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        By this time I was getting handy with driving and the T was easy to drive. The Model T was harder to start on the magneto than on the battery and most of the time the battery was dead. We solved that problem by parking on a hill above the barn. I learned to start the engine while coasting down hill. That worked fine until I stalled where I couldn't coast to start. Then I had to wait for Dean to start it with the crank. Dean seldom had to haul manure because I would beat him to it so I could drive the Model T. I couldn't drive it around unless I was doing a useful chore. For some reason, no one ever stopped me from hauling manure.
       We used the Model T from the fall of 1941 to the spring of 1943. During the summer of 1942, Dad extended the house 12 feet on the north side. That area had to be excavated for a basement after the extension was in place. One side of the new room was left open so dirt could be thrown out. The T was parked close to the wall, and every day after school, Dean dug dirt and threw it up 12 feet to the bed of the truck. Then while he dug more dirt loose, I drove the Ford to the road side and dumped the dirt over the bank. On one of those trips to dump dirt, Dean was driving, and Ernest and I were standing on the floor boards. Dean backed up too close to the bank and we went backwards down a 30 foot slope into the woods. Ernest had lost his balance and by the time we stopped he had fallen through the open frame and was standing on the ground. He wasn't hurt, but it was a close call. It took Dean a couple days to cut trees down so he could get he T back on the road.  Dean also dug large stones out of the bank along the road for the new wall. He loaded the stone on the Model T and I hauled it to the house and dumped it where the mason could use it. Dean and I slept in the barn for three months that summer while the house was being enlarged.  Trips were made into the woods with the Model T to get kindling wood. We burned coal for cooking and heating, but needed lots of kindling to start the coal fire in the mornings. On those trips we sometimes overloaded Henry and couldn't make it up the hills. We found that by turning around we could back up a hill that we couldn't climb driving forward. Reverse appeared to have a lower gear ratio than low. Stories are told about the Model T being backed up hill so gasoline would flow from under the seat to the carburetor. In 1927, the gas tank was up in the cowl like the Model A and fuel flow was no problem for Henry.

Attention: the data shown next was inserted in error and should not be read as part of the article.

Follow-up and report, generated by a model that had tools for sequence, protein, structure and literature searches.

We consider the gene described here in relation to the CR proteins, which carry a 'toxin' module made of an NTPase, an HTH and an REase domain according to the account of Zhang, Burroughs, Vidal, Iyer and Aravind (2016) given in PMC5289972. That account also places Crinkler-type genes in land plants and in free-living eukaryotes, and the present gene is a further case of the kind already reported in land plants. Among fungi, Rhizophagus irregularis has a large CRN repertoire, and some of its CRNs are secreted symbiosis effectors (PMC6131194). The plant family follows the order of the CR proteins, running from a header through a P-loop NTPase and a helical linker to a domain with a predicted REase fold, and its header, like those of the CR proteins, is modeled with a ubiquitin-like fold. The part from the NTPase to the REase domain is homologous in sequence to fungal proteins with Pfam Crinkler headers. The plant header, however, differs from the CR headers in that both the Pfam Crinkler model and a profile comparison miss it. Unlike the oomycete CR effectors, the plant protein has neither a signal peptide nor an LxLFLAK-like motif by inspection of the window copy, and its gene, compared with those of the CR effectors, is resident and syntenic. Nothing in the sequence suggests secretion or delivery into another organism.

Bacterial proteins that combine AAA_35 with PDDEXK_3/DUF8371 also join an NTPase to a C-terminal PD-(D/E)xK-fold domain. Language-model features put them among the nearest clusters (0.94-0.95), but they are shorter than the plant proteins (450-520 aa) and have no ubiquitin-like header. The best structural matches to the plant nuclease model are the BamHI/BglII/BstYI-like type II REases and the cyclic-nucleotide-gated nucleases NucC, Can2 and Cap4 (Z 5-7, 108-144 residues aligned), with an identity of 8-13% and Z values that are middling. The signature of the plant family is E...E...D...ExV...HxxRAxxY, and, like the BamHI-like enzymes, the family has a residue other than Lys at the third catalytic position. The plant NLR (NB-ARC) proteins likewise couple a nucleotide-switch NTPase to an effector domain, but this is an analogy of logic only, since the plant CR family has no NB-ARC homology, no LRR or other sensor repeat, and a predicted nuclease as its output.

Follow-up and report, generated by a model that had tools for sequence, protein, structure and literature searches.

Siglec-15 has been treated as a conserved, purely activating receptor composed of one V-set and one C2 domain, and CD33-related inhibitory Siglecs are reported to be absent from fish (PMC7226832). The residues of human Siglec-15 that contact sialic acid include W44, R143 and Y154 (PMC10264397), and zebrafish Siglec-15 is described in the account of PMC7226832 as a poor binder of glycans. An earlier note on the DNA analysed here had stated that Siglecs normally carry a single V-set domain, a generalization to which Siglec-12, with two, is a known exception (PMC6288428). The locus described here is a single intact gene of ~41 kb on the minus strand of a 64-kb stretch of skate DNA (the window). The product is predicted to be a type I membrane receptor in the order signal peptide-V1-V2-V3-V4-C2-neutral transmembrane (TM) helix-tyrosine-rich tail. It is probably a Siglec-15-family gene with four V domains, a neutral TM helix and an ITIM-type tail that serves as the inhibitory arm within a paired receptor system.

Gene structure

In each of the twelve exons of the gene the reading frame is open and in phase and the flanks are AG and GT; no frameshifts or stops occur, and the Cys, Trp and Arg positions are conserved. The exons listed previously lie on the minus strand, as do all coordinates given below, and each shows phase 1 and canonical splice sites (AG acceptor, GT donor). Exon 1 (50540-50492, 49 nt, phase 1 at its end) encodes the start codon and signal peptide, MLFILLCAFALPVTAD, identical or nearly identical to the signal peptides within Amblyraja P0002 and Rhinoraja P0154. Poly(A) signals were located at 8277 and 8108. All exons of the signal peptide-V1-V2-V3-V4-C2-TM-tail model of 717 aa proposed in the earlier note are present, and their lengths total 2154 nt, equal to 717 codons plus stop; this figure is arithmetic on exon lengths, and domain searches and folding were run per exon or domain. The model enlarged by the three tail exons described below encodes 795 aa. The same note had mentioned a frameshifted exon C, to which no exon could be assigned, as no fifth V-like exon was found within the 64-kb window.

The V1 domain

Also in 1942, Dad bought a 1930 Model A to make another home made tractor. That car was given to Dean to drive on the highway and was never converted to a tractor. Dean now had a 1930 Model A Tudor Sedan and was interested in keeping it road worthy. He was happy to have me haul manure while he worked on his Model A and I was happy hauling manure alone so I could drive the T. One afternoon I was hauling manure while Dean was inside the barn working on his Model A. The manure pile hadn't thawed out from the winter and some of the frozen lumps couldn't be spread. I devised a plan where I would dump piles of manure in the field to spread later after it thawed out. After lining up about ten piles of manure in a row I started running over them to break them up with the crank and front axle. On this day, the gas tank was almost full and the lid wasn't on tight. As the Ford bounced over one pile after another, a small amount of gasoline splashed out and ran down between the tank and cowl to the hot exhaust manifold. By the time I arrived at the barn, flames were coming up through the floor boards. Realizing flames were not compatible with barns, I stomped on the reverse and brake pedals with both feet, slid to a halt and yelled for Dean. Dean ran from the barn with a burlap sack and flogged at the flames but flames continued to burn inside the cowl for a few minutes. I thought it was going to explode, but it burned out on its own after the fuel was gone. That was probably the most exciting thing that happened while we had the Model T.

       In February of 1943 the ground had thawed out and then the top 3 inches of surface froze over the mud. I loaded up the T with manure and drove on the field, thinking it would support the load. As soon as I stopped, all four wheels broke the ice and Henry sunk in to the axles. After spreading the manure I had to abandon the Ford in the mud because it just wouldn't move. It was two days before the ground froze again and Dean had time to get it loose.

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